You and I

A will to try – you know ‘will’ is a modal verb, but here it acts as a noun: a will. A will is a determination to do something that you have decided to do, like your resolution for the next year, even if this is difficult. Let’s practice:

Some people have a weak will.

She’s achieved success by her strength of will.

I have an iron will to speak English every day this year.

Let it be your manta, ok? Let’s repeat again:

I have an iron will to speak English every day this year.

Might as well – a cool expression meaning you should do something, because there is no good reason not to. It can be used to say that the effect of an action or situation is the same as if it was another one. Here in the lyrics, it’s said that we need our hopes, and we need our will to try if we don’t have them, if we don’t have our hopes and strong will, the consequences will be severe. We have no other option, we need to hope for the better. If we don’t we might as well just lay down and die.

I guess we might as well go home.

The deadline is tomorrow but you might as well send it on Monday, I’m sure they’ll accept it.

The weather is so bad, we might as well stay at the hotel.

Next 4 lines:

Sometimes I see

How the brave new world arrives

And I see how it thrives

In the ashes of our lives

Thrive – ​to become, and continue to be, successful, strong, and wealthy and healthy, etc.

Her business is thriving.

These plants thrive when watered properly.

Children thrive on rules.

Ashes of our lives –  the ash that remains after burning a dead person’s body or a situation in which something is completely destroyed. Ashes of our lives, only ashes are left whatever is left of us.

His ashes were scattered around his house.

The company has risen from the ashes and is thriving now.

And the last bit of the text:

Oh yes, man is a fool

And he thinks he’ll be okay

Dragging on, feet of clay

Never knowing he’s astray

Keeps on going anyway…

A fool – an idiot. Short definition. Repeat after me:

Don’t be such a fool!

Don’t make a fool of yourself.

I accepted the offer like a fool.

Dragging on – to drag on means  to go on for too long. Repeat after me:

The court battle dragged on for another two years.

The meeting dragged on till late afternoon.

Feet of clay – If you have feet of clay you have​ some kind of weakness in your character, for example:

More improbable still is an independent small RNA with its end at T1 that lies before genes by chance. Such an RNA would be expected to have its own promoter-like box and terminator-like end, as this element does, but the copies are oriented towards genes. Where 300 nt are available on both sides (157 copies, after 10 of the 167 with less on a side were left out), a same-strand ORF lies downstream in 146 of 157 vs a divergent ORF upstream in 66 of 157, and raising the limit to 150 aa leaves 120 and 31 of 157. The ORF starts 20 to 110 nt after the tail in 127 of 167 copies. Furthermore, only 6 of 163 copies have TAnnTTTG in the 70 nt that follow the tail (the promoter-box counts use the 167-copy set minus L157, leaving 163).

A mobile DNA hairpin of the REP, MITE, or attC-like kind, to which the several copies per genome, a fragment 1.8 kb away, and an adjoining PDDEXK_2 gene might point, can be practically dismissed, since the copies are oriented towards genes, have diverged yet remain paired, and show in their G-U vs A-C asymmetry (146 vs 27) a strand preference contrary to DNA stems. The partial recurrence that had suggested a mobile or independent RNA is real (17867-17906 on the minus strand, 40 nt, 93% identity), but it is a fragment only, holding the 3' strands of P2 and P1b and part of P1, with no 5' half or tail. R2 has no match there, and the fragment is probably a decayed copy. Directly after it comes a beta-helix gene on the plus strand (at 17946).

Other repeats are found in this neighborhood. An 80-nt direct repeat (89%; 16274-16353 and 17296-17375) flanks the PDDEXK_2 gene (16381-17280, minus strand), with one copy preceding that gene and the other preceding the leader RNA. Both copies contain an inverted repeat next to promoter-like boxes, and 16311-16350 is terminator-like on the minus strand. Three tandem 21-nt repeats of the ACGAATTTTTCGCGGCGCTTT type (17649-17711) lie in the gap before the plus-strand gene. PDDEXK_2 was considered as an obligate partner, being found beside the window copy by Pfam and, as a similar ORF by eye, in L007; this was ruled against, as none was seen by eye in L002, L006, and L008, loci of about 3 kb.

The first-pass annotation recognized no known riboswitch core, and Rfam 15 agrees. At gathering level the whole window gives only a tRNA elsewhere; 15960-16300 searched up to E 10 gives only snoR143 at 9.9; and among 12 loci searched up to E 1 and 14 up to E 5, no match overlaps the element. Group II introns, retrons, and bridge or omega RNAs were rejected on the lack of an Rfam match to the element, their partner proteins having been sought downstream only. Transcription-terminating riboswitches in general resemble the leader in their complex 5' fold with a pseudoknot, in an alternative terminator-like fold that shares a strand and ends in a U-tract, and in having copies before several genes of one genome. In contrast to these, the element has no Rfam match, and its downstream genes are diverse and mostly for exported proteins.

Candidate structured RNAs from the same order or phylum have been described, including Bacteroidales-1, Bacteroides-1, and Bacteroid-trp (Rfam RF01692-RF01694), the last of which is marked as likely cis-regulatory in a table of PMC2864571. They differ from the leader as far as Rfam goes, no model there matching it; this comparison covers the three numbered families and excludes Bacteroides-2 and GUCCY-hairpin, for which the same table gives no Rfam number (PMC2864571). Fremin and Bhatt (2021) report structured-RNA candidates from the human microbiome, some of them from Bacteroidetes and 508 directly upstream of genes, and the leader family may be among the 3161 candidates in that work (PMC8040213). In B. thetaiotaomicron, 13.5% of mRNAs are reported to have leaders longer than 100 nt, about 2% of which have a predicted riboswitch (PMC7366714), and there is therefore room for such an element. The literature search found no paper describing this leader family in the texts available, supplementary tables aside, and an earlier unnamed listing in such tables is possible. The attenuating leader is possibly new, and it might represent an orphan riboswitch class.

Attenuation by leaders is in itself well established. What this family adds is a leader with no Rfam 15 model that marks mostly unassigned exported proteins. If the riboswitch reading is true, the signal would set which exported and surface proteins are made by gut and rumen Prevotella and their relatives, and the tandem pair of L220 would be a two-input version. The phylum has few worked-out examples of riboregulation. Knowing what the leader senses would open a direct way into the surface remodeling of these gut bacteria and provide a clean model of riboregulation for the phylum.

Don’t be surprised when you discover your idol has feet of clay.

To be astray –  to be astray or to go astray means to be lost. If your plan goes astray it goes wrong. Let’s repeat some sentences:

The best plans can go astray.

Her letter went astray and was never found.

The plot is really complex, the reader can easily go astray.

To keep on going – or to keep on doing something, means to continue doing something without stopping. Let’s repeat:

He didn’t say a word, just kept on working.

Don’t mind me, just keep on dancing.

You just have to keep on trying.

One more verse:

Seems to me now

That the dreams we had before

Are all dead, nothing more

Than confetti on the floor

OK guys,

Dead – dead is an adjective, don’t confuse it with ‘death’ which is a noun. See the difference? Can you hear the difference? ‘Dead’ – adjective, and ‘death’ – noun. Let’s repeat some sentences and practice:

He was shot dead in front of his house.

Latin is a dead language.

What was the cause of her death?

Do you believe in life after death?

The last verse now:

It’s the end of a decade

In another ten years time

Who can say what we’ll find

What lies waiting down the line

In the end of eighty-nine…

Ok guys,

A decade – a period of ten years

In another ten years time – in ten years from now, means in the future, ten years from now into the future. Let’s repeat:

I’ll be back in a minute.

I need it in two hours, please hurry.

Waiting down the line – ‘down the line’ means in the future. Repeat:

You never know what’s down the line.

I’ll make a decision further down the line.

Here you have it. The lyrics of ‘Happy New Year’ explained. Now. How are you feeling at the beginning of the new decade? Have you made any resolutions? I make a lot of plans every year, and I track them all year long. How about you?

This time, maybe you noticed, some of the sentences I repeated twice, so if possible, please let me know if it’s any better. If you feel more comfortable if it’s just easier for you to repeat when I say it twice, just let me know if you can.

Teacherola.com/27, there you’ll find a full and free transcript as well as the worksheet.

Please spread the word about my podcast. Maybe there’s someone you know who needs it? Let them know.

Thank you so very very much for tuning in! Next Wednesday we’ll meet here to talk about some grammar. This time it’s going to be the passive voice. Don’t miss it. Till next Wednesday, stay warm, take care. Happy learning. Happy New Year.  Bye-bye!